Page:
Building innovatively on Western social-science theory and on older models of Soviet politics, the authors review recent changes in the former USSR in order to assess the prospects there for democratic pluralism. Chapters focus on the first competitive elections, the new legislative bodies at state and local levels, and the newly freed press, exploring the extent to which these institutions can be described as democratic or pluralistic. Other chapters trace the complex linkages between a plurality of political-economic interests—explaining why Russian labor, government, and business may be moving toward a corporatist coalition and how political activists' sharply divergent attitudes toward the state and property keep them from forming a broad-based party. Although it is difficult in this period of dramatic flux to predict the future, these thought-provoking analyses will provide a deeper understanding of the transformations under way and will stimulate further exploration.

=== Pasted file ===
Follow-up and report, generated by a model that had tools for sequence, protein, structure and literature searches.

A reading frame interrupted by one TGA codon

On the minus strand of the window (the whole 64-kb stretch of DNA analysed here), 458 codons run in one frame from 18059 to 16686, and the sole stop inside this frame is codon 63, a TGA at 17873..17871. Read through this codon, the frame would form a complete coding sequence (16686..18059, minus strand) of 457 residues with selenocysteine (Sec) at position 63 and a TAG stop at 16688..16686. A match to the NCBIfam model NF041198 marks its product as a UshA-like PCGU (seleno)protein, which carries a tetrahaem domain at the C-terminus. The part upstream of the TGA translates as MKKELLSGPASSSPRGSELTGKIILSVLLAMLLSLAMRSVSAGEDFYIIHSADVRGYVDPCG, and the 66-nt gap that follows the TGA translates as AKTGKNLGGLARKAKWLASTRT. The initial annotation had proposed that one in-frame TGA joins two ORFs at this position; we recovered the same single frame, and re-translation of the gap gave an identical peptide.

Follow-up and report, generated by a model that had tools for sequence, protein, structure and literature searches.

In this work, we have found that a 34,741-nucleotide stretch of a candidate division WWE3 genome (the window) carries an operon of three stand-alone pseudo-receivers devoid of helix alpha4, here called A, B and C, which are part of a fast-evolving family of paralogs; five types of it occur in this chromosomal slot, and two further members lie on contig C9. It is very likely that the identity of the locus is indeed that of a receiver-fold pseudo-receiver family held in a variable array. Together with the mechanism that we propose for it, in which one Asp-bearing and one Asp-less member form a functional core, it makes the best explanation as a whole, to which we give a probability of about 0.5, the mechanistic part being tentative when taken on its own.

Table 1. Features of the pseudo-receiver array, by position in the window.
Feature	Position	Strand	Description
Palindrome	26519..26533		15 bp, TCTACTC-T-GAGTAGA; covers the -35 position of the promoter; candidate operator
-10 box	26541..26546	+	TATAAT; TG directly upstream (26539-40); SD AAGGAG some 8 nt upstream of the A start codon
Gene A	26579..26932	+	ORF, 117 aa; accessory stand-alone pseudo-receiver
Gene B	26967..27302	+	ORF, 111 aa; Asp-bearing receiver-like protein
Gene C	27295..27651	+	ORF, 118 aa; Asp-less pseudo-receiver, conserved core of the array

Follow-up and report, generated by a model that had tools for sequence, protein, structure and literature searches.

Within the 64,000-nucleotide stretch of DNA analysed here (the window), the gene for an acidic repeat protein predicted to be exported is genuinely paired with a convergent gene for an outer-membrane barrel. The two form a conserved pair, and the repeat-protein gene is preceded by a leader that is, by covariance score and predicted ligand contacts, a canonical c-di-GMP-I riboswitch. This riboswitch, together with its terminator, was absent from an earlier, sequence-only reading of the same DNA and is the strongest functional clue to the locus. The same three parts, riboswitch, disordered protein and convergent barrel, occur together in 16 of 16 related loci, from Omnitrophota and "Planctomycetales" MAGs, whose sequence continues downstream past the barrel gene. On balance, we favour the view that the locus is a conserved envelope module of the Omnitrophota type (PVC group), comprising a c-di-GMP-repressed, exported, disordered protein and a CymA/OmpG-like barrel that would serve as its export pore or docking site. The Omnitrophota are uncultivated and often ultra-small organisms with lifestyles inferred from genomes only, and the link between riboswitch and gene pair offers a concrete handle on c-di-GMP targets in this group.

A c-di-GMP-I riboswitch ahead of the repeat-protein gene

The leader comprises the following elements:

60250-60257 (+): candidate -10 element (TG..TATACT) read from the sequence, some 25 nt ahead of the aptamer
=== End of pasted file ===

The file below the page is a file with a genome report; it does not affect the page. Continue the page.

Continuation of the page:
chapter |4 pages


ByAnthony Jones, Carol R. Saivetz

chapter Chapter 1|22 pages

Pluralism, Civil Society, and Post-Soviet Politics

ByStephen White

chapter Chapter 2|18 pages

Pluralism and the New Press in Russia

ByMervyn Matthews

chapter Chapter 3|17 pages

Pluralism and Politics in an Urban Soviet: Donetsk, 1990–1991

ByTheodore H. Friedgut

chapter Chapter 4|24 pages

How Democratic Are Local Russian Deputies?

ByJeffrey W. Hahn

chapter Chapter 5|23 pages

Prospects for Political Pluralism in Central Asia

ByPeter Clement

chapter Chapter 8|10 pages

Conclusion: Today’s Russia, Pluralism, and Social Science Theory

ByAnthony Jones, Carol R. Saivetz